Analytics: Not How, but Why

11 Sep
Google Analytics

Google Analytics

Those of us in the digital marketing industry know that we offer the advertiser one distinct advantage over radio, TV and print- a wealth of data about user engagement with the ads. We can not only guess if a user will see an ad, but see when he saw it, when he will be most likely to find out more, where he and others will see it, and more. I recently participated in an online course on how to best take advantage of the features in Google Analytics, and while I was shown how the interface works, I was left with the same question I had before starting the course: with the wealth of data at our disposal, what should we DO with all of it?

Of course, this all depends on what our needs are. The owner of a retail site will analyze analytics to see, for example, which search terms are leading customers to his site, whereas a breaking news site can see what time of day is best to publish stories to attract the most eyeballs.  The point is knowing what you need. I know that when I look at Google Analytics, I am easily drawn into minutiae like whether to choose a pie or bar chart, which metrics to overlap with each other- visitors by region, by city, etc. I particularly get a kick out of the In-Page Analytics that crawls any page on a site and shows where visitors go (2% to the About Us page, 24% to the Read More page, etc).  In short, it’s easy to spend a long time on Analytics. Which is why we need to get back to basics.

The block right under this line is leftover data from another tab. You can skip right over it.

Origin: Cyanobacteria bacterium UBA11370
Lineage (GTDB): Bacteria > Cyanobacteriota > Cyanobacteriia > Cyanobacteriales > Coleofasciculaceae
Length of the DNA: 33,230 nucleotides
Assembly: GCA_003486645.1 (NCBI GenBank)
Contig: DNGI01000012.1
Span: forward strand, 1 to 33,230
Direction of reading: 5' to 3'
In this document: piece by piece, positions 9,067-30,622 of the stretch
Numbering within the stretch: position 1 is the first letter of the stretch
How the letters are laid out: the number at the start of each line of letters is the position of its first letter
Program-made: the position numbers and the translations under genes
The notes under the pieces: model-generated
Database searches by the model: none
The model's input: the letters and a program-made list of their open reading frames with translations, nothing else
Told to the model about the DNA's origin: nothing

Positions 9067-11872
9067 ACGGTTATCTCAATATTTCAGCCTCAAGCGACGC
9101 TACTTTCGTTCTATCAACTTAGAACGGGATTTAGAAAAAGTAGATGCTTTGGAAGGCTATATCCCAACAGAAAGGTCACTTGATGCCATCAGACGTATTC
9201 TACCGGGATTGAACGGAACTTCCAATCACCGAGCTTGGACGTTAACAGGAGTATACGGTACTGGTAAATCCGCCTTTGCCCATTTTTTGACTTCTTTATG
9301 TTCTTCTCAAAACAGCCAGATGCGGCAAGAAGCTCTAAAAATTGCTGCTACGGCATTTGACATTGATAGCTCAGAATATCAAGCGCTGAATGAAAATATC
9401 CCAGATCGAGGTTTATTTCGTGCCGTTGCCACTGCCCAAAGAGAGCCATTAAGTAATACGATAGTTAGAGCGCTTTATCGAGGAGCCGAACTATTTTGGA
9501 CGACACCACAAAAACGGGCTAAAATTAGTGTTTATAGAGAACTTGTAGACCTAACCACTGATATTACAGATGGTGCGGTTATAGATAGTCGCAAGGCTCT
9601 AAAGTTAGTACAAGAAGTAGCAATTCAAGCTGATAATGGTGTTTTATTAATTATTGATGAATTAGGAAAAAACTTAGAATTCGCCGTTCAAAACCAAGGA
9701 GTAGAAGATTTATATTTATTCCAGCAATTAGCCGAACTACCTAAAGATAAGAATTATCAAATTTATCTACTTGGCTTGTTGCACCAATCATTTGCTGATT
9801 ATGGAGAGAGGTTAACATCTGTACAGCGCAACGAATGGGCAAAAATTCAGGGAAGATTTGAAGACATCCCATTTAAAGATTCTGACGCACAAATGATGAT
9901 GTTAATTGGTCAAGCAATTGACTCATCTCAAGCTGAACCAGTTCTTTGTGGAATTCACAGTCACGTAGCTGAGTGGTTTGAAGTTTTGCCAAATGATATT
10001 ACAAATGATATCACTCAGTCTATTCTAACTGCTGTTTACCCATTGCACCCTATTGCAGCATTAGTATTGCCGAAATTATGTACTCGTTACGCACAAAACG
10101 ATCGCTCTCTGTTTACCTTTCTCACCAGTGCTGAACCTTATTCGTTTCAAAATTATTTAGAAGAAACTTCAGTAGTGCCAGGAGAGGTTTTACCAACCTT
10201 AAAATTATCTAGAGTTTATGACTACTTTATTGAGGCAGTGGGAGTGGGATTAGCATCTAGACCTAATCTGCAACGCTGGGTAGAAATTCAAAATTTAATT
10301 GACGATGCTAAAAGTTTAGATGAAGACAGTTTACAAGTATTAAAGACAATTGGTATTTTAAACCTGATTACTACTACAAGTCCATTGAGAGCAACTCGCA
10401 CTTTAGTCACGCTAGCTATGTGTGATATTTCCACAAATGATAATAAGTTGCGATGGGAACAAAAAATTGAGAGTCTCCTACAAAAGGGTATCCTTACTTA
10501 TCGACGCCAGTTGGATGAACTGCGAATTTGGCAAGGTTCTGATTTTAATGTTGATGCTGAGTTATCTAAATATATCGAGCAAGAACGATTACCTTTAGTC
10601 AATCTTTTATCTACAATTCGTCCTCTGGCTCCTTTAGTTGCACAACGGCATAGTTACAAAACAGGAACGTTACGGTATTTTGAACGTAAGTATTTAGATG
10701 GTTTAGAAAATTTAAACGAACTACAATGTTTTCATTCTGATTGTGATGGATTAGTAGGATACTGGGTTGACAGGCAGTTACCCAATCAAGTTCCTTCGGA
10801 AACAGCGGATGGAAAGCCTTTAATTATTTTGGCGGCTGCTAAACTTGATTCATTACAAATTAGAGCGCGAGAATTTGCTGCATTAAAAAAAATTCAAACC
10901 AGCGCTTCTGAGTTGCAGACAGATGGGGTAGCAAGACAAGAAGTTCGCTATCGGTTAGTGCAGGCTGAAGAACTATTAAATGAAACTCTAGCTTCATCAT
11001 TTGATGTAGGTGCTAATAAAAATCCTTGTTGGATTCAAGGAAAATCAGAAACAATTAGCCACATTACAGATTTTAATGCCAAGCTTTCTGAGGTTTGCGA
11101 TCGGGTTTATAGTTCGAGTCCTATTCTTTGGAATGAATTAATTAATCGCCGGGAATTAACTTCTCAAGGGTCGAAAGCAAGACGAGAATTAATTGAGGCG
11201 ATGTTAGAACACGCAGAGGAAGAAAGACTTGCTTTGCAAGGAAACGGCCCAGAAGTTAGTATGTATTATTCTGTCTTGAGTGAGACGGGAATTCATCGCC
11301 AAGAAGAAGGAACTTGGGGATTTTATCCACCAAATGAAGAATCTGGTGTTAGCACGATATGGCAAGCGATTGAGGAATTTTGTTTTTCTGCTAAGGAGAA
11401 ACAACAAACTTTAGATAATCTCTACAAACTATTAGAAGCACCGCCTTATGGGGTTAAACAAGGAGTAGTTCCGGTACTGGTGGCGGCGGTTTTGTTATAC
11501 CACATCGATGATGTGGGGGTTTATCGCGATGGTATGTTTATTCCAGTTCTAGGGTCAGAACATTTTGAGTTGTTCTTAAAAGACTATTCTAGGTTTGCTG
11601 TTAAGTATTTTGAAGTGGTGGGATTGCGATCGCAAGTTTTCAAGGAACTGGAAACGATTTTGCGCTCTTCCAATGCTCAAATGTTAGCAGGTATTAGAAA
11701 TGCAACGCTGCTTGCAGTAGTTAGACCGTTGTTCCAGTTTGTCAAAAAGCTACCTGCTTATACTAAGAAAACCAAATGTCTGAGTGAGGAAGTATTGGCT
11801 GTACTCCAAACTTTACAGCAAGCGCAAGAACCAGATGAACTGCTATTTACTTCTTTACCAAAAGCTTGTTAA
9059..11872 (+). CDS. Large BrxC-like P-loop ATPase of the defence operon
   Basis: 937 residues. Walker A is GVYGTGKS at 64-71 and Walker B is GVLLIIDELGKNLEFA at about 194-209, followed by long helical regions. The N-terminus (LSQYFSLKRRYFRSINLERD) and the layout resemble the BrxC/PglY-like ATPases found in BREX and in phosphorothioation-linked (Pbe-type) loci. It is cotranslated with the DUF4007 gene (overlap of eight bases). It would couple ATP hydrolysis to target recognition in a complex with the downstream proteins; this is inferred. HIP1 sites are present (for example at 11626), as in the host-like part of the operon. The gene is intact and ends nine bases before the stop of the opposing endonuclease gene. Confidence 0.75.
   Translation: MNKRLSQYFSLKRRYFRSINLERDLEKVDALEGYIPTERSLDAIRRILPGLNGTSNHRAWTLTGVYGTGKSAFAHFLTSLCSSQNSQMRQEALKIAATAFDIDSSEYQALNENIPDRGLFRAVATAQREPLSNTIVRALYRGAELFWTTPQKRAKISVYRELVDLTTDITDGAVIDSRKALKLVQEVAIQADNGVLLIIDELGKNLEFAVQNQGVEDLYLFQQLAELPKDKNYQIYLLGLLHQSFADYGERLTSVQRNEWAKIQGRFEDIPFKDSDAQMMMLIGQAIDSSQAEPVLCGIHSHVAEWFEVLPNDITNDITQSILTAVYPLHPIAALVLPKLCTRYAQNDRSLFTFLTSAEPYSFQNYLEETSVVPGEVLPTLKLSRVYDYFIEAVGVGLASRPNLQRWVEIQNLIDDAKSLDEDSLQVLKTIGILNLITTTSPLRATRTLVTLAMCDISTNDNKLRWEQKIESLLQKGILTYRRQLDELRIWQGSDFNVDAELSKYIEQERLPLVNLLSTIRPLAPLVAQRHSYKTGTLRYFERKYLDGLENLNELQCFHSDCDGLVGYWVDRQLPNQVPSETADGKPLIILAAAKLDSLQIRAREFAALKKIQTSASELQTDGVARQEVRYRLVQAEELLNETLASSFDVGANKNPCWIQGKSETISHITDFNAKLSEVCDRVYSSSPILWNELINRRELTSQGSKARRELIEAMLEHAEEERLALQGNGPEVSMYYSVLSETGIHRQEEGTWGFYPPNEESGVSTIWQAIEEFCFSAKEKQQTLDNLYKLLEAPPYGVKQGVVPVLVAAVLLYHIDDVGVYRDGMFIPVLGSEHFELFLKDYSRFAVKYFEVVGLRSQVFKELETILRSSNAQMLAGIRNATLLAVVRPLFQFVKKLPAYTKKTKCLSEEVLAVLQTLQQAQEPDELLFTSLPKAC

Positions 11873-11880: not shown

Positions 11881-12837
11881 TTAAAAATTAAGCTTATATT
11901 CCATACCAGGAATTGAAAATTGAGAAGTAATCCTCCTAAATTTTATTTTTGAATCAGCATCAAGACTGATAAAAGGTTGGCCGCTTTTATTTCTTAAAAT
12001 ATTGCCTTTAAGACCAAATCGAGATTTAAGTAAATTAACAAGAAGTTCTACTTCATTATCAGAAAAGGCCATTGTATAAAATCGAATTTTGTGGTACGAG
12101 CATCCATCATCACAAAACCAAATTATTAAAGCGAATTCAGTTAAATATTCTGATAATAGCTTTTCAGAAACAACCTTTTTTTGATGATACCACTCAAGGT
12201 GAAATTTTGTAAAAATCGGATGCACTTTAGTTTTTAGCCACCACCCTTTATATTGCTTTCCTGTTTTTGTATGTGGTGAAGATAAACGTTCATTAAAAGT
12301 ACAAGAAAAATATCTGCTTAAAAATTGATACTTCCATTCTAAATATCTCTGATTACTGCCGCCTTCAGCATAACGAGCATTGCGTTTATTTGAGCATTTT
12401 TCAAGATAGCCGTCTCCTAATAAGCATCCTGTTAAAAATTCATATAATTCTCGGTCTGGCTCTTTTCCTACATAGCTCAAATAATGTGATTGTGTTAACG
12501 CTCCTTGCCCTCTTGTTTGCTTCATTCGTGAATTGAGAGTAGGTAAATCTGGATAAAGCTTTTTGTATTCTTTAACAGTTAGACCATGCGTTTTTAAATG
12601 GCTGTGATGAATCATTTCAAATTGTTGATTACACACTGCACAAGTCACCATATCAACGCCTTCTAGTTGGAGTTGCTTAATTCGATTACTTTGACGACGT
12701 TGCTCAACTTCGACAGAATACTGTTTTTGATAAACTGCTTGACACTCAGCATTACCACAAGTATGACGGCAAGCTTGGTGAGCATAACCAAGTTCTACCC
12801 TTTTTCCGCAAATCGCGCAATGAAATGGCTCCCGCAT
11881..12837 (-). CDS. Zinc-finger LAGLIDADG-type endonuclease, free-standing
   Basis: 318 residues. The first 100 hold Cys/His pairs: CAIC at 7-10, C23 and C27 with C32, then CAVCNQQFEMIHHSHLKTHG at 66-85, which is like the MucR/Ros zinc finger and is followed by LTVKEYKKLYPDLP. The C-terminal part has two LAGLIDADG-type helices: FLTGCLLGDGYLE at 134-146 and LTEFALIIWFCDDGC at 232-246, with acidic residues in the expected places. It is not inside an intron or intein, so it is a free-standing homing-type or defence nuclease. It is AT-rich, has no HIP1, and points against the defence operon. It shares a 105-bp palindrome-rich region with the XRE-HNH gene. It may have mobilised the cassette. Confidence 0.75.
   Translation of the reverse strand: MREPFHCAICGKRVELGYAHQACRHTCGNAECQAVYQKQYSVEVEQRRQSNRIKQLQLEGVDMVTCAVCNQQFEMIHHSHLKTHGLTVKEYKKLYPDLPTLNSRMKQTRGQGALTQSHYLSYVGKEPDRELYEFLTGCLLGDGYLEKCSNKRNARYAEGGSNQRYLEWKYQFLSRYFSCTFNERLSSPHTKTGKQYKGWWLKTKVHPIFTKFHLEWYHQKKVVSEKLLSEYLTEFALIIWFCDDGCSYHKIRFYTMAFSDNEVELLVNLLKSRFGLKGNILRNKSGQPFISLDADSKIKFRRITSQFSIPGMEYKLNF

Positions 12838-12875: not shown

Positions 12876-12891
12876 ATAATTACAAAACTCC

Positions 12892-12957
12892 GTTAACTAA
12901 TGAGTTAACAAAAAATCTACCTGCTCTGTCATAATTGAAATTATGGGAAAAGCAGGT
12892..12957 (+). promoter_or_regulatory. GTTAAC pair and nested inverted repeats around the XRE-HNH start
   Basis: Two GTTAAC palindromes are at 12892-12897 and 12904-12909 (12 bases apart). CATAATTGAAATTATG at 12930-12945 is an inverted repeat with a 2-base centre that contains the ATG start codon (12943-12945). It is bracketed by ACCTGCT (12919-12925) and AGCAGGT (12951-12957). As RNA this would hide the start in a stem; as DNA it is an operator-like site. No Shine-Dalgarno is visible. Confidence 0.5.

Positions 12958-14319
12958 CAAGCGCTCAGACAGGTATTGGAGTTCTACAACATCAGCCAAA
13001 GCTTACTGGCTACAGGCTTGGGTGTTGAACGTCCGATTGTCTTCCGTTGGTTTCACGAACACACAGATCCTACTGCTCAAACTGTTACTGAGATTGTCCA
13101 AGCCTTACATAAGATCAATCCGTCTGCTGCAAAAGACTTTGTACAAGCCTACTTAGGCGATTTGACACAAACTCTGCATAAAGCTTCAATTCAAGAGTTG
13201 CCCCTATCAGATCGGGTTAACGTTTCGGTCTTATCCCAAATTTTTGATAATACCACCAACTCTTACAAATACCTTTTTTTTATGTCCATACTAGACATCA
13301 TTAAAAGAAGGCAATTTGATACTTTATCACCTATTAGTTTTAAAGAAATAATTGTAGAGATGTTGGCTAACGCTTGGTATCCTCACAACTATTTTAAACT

It’s one of those truisms of the marketing world that you must know who your customer is. Once you know who they are, you can then market to them in the right voice; this is why we do market research. Analytics, then, is a free, quick and easy form of market research. What are we looking to accomplish with the site? If we are trying to draw visitors from New York and we see that most visitors come from California, we look at the rest of the site to see how we could draw the right kind of visitor (perhaps with a modest Ad Words campaign). Figure out what you’re looking for- effective search term, time on site, etc.- and then use the information in Analytics to change your site accordingly.

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